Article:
This year marks the anniversary of the Mayflower's journey to the new world, and this is generating new interest in the men and women who made that journey, commonly known as the Puritans.

One of my favourite characters from that stable is the enigmatic and often-caricatured Oliver Cromwell, In this fascinating piece, Paul Lay touches on a number of unexpected truths about him, and particularly his love for the arts.

Jesus spoke of how when a we believe we have 'gained' our lives, by our own reckoning, we have actually lost it, because it is only when we 'lose' (invest) ourselves in the right way that we genuinely gain what is worthwhile - that's why we so need to correctly evaluate and understand what is going on and why it matters.

Let's hope this can be a year when we escape the foolishness that so often deems itself to be wise and gain the real pearl of truth.

Saturday, 4 January 2020

Long Overdue

What's the best way to start a new year?

Amidst the rush to re-shuffle all manner of personal goals, let's take a moment or two to do something far more worthwhile - bury a common lie.

It's assumed today that we've got smart enough to live without what is usually said to be 'myth' now, with 'religion' being top of the list (not stopping people from being 'religious' in all sorts of new ways, of course), but what if the reality is that the reverse is true - what if what is commonly accepted as 'science' and therefore correct is a lie?
What happens when we discover that what we build our everyday life upon is totally mistaken?

The facts you're about to face aren't new - this brilliant piece, written by the one-time atheist, C S Lewis, was penned decades ago, but what it says about the myth believed by our secular times is just as correct now as then, so I warn you,
if you watch this material, prepare to be shaken!

2020 could be about to take a very different direction, so listen carefully, and discover why we often follow what we think is best rather than the truth.

Saturday, 28 December 2019


"Can human folly harbour a more arrogant or ungrateful thought than the notion that whereas God makes man beautiful in body, man makes himself pure in heart?"


It's almost here once again - that moment when people rush into the mode of thinking in which they resolve all will be improved in the next 12 months if they fervently keep to their decision to (insert your resolution here).

I don't make such promises.
Ambrose Pierce defined heathenism as the notion that we benighted creatures worship what we see and feel - but the problem is what that veneration denies us from seeing about the violence we thereby do to ourselves.

We can rise or fall, get by or make it, but there are two irrevocable truths that tether us however we choose to twist and turn.

The first power is the violence we all carry. Paul outlines this so well in respect to the 'norms' of human life in his letter to the Romans (chapters 1-3) and in respect to the Christian in Romans 7. We never have the natural resources to change this, because this is the cancer that now defines human nature, and it leads directly to our second manacle - death. Whatever we busy ourselves with now, this tyranny is close to us, and there is, again, no way in which we can escape our inevitable final moment.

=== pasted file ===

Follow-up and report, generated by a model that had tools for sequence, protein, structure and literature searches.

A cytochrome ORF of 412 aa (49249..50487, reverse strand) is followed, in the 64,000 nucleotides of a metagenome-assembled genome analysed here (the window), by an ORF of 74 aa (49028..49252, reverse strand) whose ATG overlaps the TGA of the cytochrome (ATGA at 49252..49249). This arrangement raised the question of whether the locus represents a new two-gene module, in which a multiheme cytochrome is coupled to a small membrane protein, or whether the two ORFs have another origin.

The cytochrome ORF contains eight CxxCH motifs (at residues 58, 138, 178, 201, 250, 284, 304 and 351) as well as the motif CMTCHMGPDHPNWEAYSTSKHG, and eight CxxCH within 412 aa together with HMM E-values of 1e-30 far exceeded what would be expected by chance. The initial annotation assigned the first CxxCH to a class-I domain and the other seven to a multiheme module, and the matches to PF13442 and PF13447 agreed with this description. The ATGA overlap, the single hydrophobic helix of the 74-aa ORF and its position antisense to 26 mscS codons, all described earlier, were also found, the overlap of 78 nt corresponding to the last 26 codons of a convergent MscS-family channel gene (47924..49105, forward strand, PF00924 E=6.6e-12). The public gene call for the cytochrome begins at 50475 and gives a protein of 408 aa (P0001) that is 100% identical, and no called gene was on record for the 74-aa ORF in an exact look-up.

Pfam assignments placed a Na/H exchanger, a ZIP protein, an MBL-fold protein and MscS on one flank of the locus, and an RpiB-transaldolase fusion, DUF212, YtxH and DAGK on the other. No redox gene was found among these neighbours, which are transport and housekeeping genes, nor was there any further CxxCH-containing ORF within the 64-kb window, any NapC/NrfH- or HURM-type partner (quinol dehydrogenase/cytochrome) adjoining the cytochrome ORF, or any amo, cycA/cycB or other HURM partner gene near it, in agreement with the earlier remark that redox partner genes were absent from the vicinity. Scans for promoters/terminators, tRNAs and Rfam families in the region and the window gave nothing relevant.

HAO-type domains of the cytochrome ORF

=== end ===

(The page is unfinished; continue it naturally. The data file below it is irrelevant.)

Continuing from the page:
We live in the shadow of this twin volcano, but we cannot often bear to look upon the truth of its hold, because when we do, we see all that we are melt before its hold and rule - there is no strength in us against this.

Christ alone can end our delusion that the powers arrayed against us from within and outside will not erupt. He alone can extinguish the power of these evils by drawing their sting into His own death and resurrection and ending their strength in His triumph for us.

In Christ, both sin and death are trumped by a far greater power - of unceasing, unrelenting love, that will have us overwhelmed by an exquisite mercy that heals and will finally make us whole, come the day of resurrection.
In Christ, life now becomes more than a pretence or a struggle with our futile realities - we can begin to see and live anew.

The options are there.
We continue, as we have always done, stumbling around until sin and death overwhelm and drown us out, or we trust in the one who gives Himself as our remedy, and begin to discover a life that far exceeds our troubles.

That is the possibility this New Year.

Sunday, 22 December 2019


"The Sceptre (of royal authority) shall not depart from Judah,
Nor the lawgiver (the ruler's staff) from between his feet,
Until Shiloh comes,
And to Him shall the gathering, the tribute and obedience of the people be". Genesis 49:10.

A couple of things have really struck me this Christmas.